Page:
“We set up a two-sided flight arena and wondered how to train birds to fly through a 16-square- centimeter gap in the partition separating the two sides,” Badger said, noting that the hummingbirds have a wingspan of about 12 centimeters (4 3/4 inches). “Then, Kathryn had the amazing idea to use alternating rewards.”
That is, the team placed flower-shaped feeders containing a sip of sugar solution on both sides of the partition, but only remotely refilled the feeders after the bird had visited the opposite feeder. This encouraged the birds to continually flit between the two feeders through the aperture.
The researchers then varied the shape of the aperture, from oval to circular, ranging in height, width and diameter, from 12 cm to 6 cm, and filmed the birds’ maneuvers with high-speed cameras. Badger wrote a computer program to track the position of each bird’s bill and wing tips as it approached and passed through the aperture.
They discovered that as the birds approached the aperture, they often hovered briefly to assess it before travelling through sideways, reaching forward with one wing while sweeping the second wing back, fluttering their wings to support their weight as they passed through the aperture. They then swiveled their wings forward to continue on their way.
“The thing is, they have to still maintain weight support, which is derived from both wings, and then control the horizontal thrust, which is pushing it forward. And they’re doing this with the right and left wing doing very peculiar things,” Dudley said. “Once again, this is just one more example of how, when pushed in some experimental situation, we can elicit control features that we don’t see in just a standard hovering hummingbird.”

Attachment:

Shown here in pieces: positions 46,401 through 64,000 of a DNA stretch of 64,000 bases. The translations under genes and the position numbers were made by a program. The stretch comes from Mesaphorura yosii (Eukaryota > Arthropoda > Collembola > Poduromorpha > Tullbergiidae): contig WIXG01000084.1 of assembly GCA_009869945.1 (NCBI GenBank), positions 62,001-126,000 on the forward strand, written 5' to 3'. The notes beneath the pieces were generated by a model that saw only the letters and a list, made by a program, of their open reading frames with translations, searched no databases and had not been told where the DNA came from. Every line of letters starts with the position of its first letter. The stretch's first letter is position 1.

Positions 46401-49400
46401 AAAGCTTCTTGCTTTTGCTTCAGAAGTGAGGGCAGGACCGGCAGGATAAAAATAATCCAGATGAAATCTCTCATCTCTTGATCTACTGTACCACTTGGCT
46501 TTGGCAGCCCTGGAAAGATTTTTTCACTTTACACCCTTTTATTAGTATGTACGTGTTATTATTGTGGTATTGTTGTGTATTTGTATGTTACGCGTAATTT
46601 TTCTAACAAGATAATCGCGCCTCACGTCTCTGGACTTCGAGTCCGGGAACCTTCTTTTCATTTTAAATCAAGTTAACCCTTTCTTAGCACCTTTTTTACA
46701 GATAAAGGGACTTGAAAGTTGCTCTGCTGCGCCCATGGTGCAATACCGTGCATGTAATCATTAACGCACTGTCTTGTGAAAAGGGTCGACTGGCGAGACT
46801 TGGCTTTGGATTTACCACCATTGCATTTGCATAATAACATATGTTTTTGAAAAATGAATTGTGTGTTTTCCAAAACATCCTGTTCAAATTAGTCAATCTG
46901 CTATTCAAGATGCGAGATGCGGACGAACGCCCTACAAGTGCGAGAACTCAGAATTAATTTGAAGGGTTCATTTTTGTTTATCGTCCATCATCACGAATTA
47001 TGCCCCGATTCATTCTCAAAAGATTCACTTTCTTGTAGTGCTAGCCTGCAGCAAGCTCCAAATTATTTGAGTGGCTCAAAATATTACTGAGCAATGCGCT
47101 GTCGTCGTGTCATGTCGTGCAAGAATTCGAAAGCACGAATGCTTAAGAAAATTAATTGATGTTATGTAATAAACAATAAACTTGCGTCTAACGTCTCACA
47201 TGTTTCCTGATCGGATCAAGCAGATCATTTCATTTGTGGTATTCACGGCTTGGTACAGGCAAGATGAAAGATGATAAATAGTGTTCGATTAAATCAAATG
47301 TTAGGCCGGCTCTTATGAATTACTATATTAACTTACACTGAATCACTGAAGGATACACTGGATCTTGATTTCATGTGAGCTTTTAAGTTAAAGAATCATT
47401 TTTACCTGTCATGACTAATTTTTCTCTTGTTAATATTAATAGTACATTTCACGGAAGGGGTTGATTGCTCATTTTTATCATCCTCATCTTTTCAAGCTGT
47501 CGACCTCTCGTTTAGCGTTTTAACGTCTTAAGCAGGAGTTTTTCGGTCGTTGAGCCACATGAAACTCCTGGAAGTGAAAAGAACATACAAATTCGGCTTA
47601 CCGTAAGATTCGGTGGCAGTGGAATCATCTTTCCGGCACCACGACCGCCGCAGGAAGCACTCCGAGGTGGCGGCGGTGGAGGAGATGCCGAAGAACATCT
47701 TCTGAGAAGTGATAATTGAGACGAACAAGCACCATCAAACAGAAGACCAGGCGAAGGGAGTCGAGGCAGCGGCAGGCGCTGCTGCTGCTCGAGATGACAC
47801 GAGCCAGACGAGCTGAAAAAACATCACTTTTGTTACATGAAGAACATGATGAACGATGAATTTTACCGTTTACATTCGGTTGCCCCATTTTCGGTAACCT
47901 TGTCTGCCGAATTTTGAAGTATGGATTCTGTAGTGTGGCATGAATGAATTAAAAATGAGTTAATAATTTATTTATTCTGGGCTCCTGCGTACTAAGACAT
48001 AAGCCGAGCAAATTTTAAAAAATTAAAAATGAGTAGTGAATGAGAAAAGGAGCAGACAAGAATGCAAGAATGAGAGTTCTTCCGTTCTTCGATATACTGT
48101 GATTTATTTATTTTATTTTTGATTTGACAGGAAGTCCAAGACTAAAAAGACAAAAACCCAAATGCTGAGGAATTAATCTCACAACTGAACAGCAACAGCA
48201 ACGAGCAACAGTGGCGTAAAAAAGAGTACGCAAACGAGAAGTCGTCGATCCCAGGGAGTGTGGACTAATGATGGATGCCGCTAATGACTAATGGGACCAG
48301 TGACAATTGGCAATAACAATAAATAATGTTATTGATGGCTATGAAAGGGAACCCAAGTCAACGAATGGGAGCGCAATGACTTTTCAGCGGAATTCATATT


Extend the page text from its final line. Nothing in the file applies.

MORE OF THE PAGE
Alternatively, the birds swept their wings back and pinned them to their bodies, shooting through — beak first, like a bullet — before sweeping the wings forward and resuming flapping once safely through.
“They seem to do the faster method, the ballistic buzz-through, when they get more acquainted with the system,” Dudley said.
Only when approaching the smallest apertures, which were half a wingspan wide, would the birds automatically resort to the tuck and glide, even though they were unfamiliar with the setup.
The team pointed out that only about 8% of the birds clipped their wings as they passed through the partition, although one experienced a major collision. Even then, the bird recovered quickly before successfully reattempting the maneuver and going on its way.
“The ability to pick among several obstacle negotiation strategies can allow animals to reliably squeeze through tight gaps and recover from mistakes,” Badger noted.
Dudley hopes to conduct further experiments, perhaps with a sequence of different apertures, to determine how birds navigate multiple obstacles.
The work was funded primarily by a CiBER-IGERT grant from the National Science Foundation (DGE-0903711).